Protester shot during Cairo sit-in may have been targeted
CAIRO — Gunmen drove into Cairo's Tahrir Square before dawn on Monday and fired at an anti-government sit-in, seriously wounding a protester who had been jailed and tortured by former military rulers after he witnessed the killing of another activist. Two lawyers involved in the case suggested it was a targeted attack.
Lawyer Tamer Gomaa identified the seriously wounded activist as Muhanad Samir, 19, and said he was battling for his life with a number of pellets embedded in his skull and in his face.
Gomaa said witnesses recognized the attackers and identified them as security agents dressed in civilian clothes. Gomaa quoted witnesses as saying some of the attackers had visited the square hours before and inquired about Samir by name and about others at the sit-in.
A security official dismissed the charges as nonsense, noting that some of the witnesses said the attackers were masked.
Other witnesses said the attacker aimed at Samir, shooting him at close range, according to Gomaa. One of the attackers was collecting bullet shells, apparently to clear evidence.
Political tensions have been running high in Egypt over the past month pitting opponents of Islamist President Mohamed Morsy against his supporters, turning violent at times.
Show commenting policy
TribLive commenting policy
You are solely responsible for your comments and by using TribLive.com you agree to our Terms of Service.
We moderate comments. Our goal is to provide substantive commentary for a general readership. By screening submissions, we provide a space where readers can share intelligent and informed commentary that enhances the quality of our news and information.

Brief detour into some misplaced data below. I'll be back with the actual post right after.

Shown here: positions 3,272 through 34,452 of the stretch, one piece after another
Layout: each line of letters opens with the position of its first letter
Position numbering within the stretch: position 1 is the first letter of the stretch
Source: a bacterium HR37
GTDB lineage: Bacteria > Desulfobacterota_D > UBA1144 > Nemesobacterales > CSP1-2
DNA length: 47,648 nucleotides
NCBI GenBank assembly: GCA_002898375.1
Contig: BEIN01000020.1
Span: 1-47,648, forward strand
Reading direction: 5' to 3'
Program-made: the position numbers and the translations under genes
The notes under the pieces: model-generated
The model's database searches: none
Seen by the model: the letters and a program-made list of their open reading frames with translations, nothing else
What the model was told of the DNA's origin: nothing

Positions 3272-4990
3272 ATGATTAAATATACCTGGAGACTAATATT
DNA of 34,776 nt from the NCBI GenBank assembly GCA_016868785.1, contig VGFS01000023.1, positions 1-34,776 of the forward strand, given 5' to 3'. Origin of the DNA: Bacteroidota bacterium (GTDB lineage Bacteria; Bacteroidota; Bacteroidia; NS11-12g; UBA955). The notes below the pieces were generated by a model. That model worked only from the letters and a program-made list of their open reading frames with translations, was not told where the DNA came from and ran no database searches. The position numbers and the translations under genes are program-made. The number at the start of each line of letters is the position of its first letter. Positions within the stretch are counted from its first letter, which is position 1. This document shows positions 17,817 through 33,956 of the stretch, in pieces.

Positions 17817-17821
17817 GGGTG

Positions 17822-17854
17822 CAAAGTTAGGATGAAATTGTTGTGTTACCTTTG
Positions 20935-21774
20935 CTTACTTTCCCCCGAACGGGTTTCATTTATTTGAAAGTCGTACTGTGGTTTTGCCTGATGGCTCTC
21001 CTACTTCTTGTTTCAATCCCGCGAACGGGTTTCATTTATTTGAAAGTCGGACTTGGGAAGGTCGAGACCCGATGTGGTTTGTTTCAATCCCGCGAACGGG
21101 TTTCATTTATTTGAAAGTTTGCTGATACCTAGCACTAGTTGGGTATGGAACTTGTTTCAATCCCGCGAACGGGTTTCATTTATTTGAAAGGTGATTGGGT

While most comments will be posted if they are on-topic and not abusive, moderating decisions are subjective. We will make them as carefully and consistently as we can. Because of the volume of reader comments, we cannot review individual moderation decisions with readers.
We value thoughtful comments representing a range of views that make their point quickly and politely. We make an effort to protect discussions from repeated comments either by the same reader or different readers.
We follow the same standards for taste as the daily newspaper. A few things we won't tolerate: personal attacks, obscenity, vulgarity, profanity (including expletives and letters followed by dashes), commercial promotion, impersonations, incoherence, proselytizing and SHOUTING. Don't include URLs to Web sites.
We do not edit comments. They are either approved or deleted. We reserve the right to edit a comment that is quoted or excerpted in an article. In this case, we may fix spelling and punctuation.
We welcome strong opinions and criticism of our work, but we don't want comments to become bogged down with discussions of our policies and we will moderate accordingly.
We appreciate it when readers and people quoted in articles or blog posts point out errors of fact or emphasis and will investigate all assertions. But these suggestions should be sent via e-mail. To avoid distracting other readers, we won't publish comments that suggest a correction. Instead, corrections will be made in a blog post or in an article.
- Peruvian nurse cares for 175 terminally ill cats
- Social media being used to help catch British terrorist who killed Foley
- Bombed factories in Gaza raise ire
- Hamas insists terrorist leader still alive despite Israeli barrage
- Landslide in Japan leaves dozens dead
- N. Korea aims for Kerry’s jaw as string of insults continues
- Neanderthals, humans may have mingled, study finds
- Liberian slum sealed off as Ebola deaths mount
- Ukrainian troops regaining control
- Air power given bigger role in China
- Japan’s Abe walks fine line on anniversary of World War II defeat